Dienstag, 17. März 2009
Eilmeldung: Israeli army ordered to devise Iran war
Israeli army ordered to devise Iran war
Tue, 17 Mar 2009 18:58:29 GMT
Lt. Gen. Ashkenazi says he is tasked with drawing up contingency plans as Israel ups its war rhetoric against Iran over the country's nuclear program.
As Israeli talks of war on Iran gain momentum, Israel's military Chief of Staff says the army must prepare for a military aggression.
In a meeting with top US diplomats on Monday, Lt. Gen. Gabi Ashkenazi said Israel could not live with a nuclear Iran and that an Israeli military strike was a "serious" option in retarding the country's progress.
Ashkenazi -- whose request to meet with President Barack Obama and his American counterpart Admiral Mike Mullen was turned down -- made the remarks in a meeting with US Secretary of State Hillary Clinton and her designated US envoy to the Persian Gulf, Dennis Ross.
The Israeli general and the American hosts discussed the Iranian issue shortly after reports revealed that the Israeli Prime Minister-designate Benjamin Netanyahu plans a "major military confrontation" in the next few months.
Israel, believed by many to be the sole possessor of a nuclear arsenal in the Middle East, says Iran and its nuclear program pose an "existential threat" to Tel Aviv.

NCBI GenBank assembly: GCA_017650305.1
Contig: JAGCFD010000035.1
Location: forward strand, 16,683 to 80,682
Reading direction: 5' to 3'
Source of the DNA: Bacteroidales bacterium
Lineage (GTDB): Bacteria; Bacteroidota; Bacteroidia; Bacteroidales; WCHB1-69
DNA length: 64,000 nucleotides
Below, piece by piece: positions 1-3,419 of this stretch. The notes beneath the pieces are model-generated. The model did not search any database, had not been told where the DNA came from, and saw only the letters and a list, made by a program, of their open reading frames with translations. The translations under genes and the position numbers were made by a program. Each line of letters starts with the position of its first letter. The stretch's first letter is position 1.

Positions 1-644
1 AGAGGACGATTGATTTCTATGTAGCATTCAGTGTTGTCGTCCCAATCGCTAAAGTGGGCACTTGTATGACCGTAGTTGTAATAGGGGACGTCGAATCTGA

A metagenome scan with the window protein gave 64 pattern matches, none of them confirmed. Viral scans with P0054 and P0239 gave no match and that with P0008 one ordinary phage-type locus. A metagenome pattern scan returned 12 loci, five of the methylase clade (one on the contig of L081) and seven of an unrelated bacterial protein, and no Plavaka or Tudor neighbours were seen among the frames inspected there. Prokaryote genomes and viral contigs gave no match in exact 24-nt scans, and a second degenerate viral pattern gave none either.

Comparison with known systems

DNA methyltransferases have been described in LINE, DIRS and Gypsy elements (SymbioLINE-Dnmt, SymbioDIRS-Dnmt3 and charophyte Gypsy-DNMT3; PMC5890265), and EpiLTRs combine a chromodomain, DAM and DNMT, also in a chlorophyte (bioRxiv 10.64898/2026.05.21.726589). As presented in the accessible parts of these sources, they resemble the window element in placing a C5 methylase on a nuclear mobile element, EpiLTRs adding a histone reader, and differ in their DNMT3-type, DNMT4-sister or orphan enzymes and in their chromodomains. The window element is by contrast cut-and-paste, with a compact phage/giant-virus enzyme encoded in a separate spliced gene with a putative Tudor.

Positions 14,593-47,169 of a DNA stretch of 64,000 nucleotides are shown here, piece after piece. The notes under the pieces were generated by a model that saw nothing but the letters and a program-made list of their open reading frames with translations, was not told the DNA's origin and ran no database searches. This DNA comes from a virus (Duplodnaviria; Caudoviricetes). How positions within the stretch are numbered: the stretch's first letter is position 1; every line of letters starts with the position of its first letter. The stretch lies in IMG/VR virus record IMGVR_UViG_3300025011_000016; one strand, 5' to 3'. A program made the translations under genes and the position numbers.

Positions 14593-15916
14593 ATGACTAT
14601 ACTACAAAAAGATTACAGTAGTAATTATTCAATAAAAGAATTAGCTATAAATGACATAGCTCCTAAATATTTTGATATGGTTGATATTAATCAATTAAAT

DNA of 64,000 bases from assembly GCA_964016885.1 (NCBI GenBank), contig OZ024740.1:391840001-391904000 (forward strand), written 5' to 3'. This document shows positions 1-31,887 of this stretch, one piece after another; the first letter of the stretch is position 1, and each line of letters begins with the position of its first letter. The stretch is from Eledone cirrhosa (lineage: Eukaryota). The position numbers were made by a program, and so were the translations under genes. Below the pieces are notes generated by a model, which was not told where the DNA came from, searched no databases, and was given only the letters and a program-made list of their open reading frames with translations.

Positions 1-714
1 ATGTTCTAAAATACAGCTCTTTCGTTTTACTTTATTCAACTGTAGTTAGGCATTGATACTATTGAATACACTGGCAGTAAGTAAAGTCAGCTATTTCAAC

Under the claim, Israeli officials in the military and the government regularly threaten to launch aerial strikes against Iranian nuclear infrastructure.
Tehran is a signatory to the nuclear Non-Proliferation Treaty (NPT) and, according to the UN nuclear watchdog, has not opted to violate the treaty.
Iran says the only objective of its program is to make use of the civilian applications of the nuclear technology. The US, Israel and their European allies - Britain, France and Germany --, accuse the country of having military intentions in its pursuit.
Ashkenazi added that any final decision on Iran would be made by the government. He, however, said that he had been tasked with drawing up contingency plans since a military operation was a 'concrete possibility'.